A Grade II listed church dating back to the days of the Domesday Book has become the subject of controversy after an application to place a phone mast on its rooftop was submitted.

Vodafone proposed removing an existing flagpole on top of Barnes’ St Mary’s Church and replacing it with a replica pole, housing communications antennae, according to a planning application submitted to Richmond Council.

Social biologist Joyce Morgan, of Dovecote Gardens, Mortlake, said she was shocked at the plans as she worried about health effects of telecommunications equipment.

Vodafone’s network facilitator team said it recognised some communities were concerned about radio base stations close to residential areas, but added without them mobile phones would not be able to work and assured residents its base stations met stringent international guidelines.

Mrs Morgan said: “I did a study of radiation [before] and as far as I know nothing has been proved that this radiation coming from these things are not harmless to human beings. Until they prove they are harmless I think they shouldn’t be erected.”

A spokesman from the Vodafone team said: “All of our base stations are designed, built and operated in accordance with stringent international guidelines laid down by the International Commission on Non-Ionizing Radiation Protection. 

“The adoption of these guidelines has the formal backing of independent bodies such as the World Health Organisation.”

St Mary’s Church, in Church Road, was seriously gutted by fire in 1978 but has since been rebuilt, incorporating elements of historical significance and is a well known landmark.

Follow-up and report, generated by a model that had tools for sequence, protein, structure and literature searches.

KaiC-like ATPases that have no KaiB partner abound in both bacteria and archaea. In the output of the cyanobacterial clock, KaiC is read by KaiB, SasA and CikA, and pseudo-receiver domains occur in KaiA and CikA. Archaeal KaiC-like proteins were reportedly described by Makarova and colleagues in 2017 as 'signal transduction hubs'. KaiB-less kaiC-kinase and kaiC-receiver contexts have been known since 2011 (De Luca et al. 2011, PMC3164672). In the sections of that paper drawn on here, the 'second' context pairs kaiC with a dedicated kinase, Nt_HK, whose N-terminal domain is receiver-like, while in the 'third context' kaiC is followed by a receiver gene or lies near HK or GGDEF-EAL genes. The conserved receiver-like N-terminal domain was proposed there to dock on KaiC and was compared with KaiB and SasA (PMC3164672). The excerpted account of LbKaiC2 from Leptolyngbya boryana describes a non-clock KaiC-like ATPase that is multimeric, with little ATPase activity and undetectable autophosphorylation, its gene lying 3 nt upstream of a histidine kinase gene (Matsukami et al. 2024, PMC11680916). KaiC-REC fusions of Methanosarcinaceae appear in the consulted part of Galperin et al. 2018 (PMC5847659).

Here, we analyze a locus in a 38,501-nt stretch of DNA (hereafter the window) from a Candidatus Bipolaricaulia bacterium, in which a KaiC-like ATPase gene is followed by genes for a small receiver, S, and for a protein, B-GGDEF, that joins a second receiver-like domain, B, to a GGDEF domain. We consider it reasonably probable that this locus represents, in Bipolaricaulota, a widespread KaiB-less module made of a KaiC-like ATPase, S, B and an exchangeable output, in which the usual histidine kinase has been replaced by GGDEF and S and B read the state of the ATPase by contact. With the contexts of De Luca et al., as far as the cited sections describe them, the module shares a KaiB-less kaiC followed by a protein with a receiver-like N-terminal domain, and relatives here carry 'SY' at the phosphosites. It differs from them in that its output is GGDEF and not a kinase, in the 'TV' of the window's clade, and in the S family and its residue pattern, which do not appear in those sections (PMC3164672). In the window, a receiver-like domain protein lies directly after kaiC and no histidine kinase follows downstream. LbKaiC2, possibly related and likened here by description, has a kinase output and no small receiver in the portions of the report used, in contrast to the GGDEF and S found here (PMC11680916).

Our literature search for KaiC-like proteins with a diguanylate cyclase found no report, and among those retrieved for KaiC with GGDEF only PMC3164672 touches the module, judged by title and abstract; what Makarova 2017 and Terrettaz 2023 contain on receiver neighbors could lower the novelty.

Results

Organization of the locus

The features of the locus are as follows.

If given the go ahead, proposals would see the replacement of its existing 5.3m high timber flagpole with a replica incorporating three telecommunications antennae on the roof of the church tower.

According to the application, the flagpole would be coloured white to imitate the original feature and antennae would be camouflaged and views of the building would not be altered.

Richmond Park MP Zac Goldsmith has written a letter to the council questioning the proximity of telecommunications equipment to schools.

He wrote: “There are unknown health risks associated with these masts, and it is therefore important that they are placed as far away from children and residents as possible.”

The Vodafone spokesman added: “Typical public exposures from our base stations will be many hundreds, if not thousands, of times below these guidelines.”

Residents in Sutherland Grove, Teddington, have also been campaigning against a proposed T-Mobile mast on the roof of their flats.